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News State / Region Commissioners lobby for legislative changes

Macon County’s “place at the table” is strengthened by two commissioners on the North Carolina Association of County Commisioners Legislative Goals and Executive Committees that met last week in Raleigh.Corbin and Beale travel to Raleigh to prioritize goals.

Macon County Commissioners Kevin Corbin and Ronnie Beale spent last week in Raleigh lobbying for changes to be made at the local level of government.

Corbin was selected as one of about 30 county commissioners throughout all 100 counties in the state to be a member of the North Carolina Association of County Commissioners (NCACC) Legislative Goals Committee.

The Legislative Goals Committee is newly appointed every two years by the NCACC president. Members are selected to assure balance with respect to political affiliation, county population, race, gender and other demographic characteristics. Members of the committee are charged with working to narrow down the NCACC's legislative goals for each year.

The NCACC's legislative goals are broken down into seven categories: Agriculture, Environment, Health and Human Services, Intergovernmental Relations, Justice and Public Safety, Public Education, and Tax and Finance. "We were responsible for taking a large list from commissioners throughout all 100 counties and classifying them into one of the seven categories and then narrowing down which goals are the most pressing for the upcoming year," explained Corbin.

“The NCACC's legislative goals process is thoughtful, deliberative, inclusive and fair,” states the organization’s mission statement. “The investment of time and energy, and value of full discourse, strengthens our association as we navigate the legislative currents. The process is designed to create an informed grassroots organization and to build a cohesiveness of purpose within the organization that, in turn, grants a degree of credibility to the association that is unique.”

The goals identified by the NCACC become the main focus of local governmental lobbyists who work to protect the local level of government.

According to Corbin, all 100 counties submit individual goals to the NCACC, and then as elected members to the Legislative Goals Committee, he and his colleagues were charged with the task of identifying the top goals and narrowing down the list, which was then sent to the NCACC Executive Committee.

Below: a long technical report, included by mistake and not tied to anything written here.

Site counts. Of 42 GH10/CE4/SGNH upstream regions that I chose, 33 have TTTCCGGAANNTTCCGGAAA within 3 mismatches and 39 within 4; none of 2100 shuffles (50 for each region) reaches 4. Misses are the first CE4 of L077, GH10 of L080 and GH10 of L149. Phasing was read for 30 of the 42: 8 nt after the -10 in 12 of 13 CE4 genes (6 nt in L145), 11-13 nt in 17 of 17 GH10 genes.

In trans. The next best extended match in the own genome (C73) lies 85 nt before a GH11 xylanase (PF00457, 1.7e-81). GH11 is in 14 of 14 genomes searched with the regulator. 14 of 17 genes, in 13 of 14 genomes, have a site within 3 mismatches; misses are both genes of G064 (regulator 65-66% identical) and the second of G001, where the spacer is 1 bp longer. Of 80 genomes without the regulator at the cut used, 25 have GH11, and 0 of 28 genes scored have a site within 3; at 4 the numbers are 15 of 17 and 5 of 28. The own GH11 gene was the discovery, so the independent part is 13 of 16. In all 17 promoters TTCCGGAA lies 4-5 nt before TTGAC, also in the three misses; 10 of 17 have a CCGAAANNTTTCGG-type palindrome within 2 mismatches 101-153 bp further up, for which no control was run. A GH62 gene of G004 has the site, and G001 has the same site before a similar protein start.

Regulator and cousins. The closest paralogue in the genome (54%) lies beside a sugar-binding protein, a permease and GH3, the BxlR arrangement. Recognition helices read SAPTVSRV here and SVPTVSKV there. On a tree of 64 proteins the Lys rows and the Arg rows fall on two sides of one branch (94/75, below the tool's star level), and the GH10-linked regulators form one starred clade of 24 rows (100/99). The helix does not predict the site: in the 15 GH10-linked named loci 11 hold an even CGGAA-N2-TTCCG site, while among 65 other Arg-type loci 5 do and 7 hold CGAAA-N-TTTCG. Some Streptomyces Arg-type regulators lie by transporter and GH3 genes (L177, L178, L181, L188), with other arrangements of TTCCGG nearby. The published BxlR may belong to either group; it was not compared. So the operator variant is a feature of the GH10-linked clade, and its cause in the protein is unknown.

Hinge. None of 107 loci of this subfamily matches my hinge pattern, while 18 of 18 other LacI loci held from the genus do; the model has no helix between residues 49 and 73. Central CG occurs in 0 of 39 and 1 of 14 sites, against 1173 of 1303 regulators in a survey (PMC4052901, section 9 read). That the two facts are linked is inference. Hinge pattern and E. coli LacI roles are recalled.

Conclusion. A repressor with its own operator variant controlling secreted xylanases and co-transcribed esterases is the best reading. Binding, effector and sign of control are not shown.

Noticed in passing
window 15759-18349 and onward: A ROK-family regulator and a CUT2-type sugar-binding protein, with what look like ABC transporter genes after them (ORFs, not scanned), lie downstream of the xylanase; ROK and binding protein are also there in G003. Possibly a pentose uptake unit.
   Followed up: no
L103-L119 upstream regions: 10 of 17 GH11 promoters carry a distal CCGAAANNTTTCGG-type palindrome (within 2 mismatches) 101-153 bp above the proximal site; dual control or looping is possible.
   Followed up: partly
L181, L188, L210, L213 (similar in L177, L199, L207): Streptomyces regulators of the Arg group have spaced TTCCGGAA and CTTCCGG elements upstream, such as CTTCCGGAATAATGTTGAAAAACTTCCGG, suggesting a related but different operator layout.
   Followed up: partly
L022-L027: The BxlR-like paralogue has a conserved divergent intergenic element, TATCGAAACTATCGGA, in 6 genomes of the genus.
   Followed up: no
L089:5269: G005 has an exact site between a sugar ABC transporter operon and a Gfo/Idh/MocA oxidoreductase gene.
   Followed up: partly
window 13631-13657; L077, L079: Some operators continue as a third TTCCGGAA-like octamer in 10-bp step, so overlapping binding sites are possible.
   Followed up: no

Macon County has a unique advantage in the NCACC, because not only is Corbin a voice in the decision making, Commissioner Ronnie Beale was elected as the First Vice President, and is one of six individuals in the state who lead the group.

After the Legislative Goals Committee narrowed the list significantly, the Executive Committee is charged with taking that list and identifying the top five goals and priorities of the NCACC. Those five goals become the NCACC's main focus when lobbying to elected officials on the state level.

With the help of both Corbin and Beale, the NCACC declared that the five most pressing issues that the NCACC wanted to lobby for this year in Raleigh were: 1) Oppose shift of state transportation responsibilities to counties. 2) Reinstate Average Daily Membership [regarding state allocated funds based on school attendance] and lottery funds for school construction. 3) Oppose unfunded mandates and shifts of state responsibilities to counties. 4) Preserve the existing local revenue base. 5) Ensure adequate mental health funding.

"Both the Legislative Goals and Executive Committees worked across party lines to identify these five goals as being the most important focus going into this legislative year," said Corbin. "In addition to the NCACC lobbying as a whole to see that these things get done, as county commissioners we plan to take these goals to our local representatives in both the House and Senate and encourage them to work with us."

One goal that Corbin said he personally spoke up for, but was unable to gain support from other members of the committee was the proposed education goal that asked the state to restore local control of the school calendar. "I encouraged my colleagues to support legislation that would restore control of the local school calendar to local board of education," explained Corbin. "But unfortunately, while this issue is a problem we face in Macon County, it was not a collective concern felt by the majority of the members."

According to Corbin, he believes that the work down by the overall is extremely productive and gives county commissioners a huge advantage when it comes to the decisions made in Raleigh.

"We really are a huge lobbying force and the way we develop the goals is healthy, informative debate that is always driven with the best interest of our citizens in mind."

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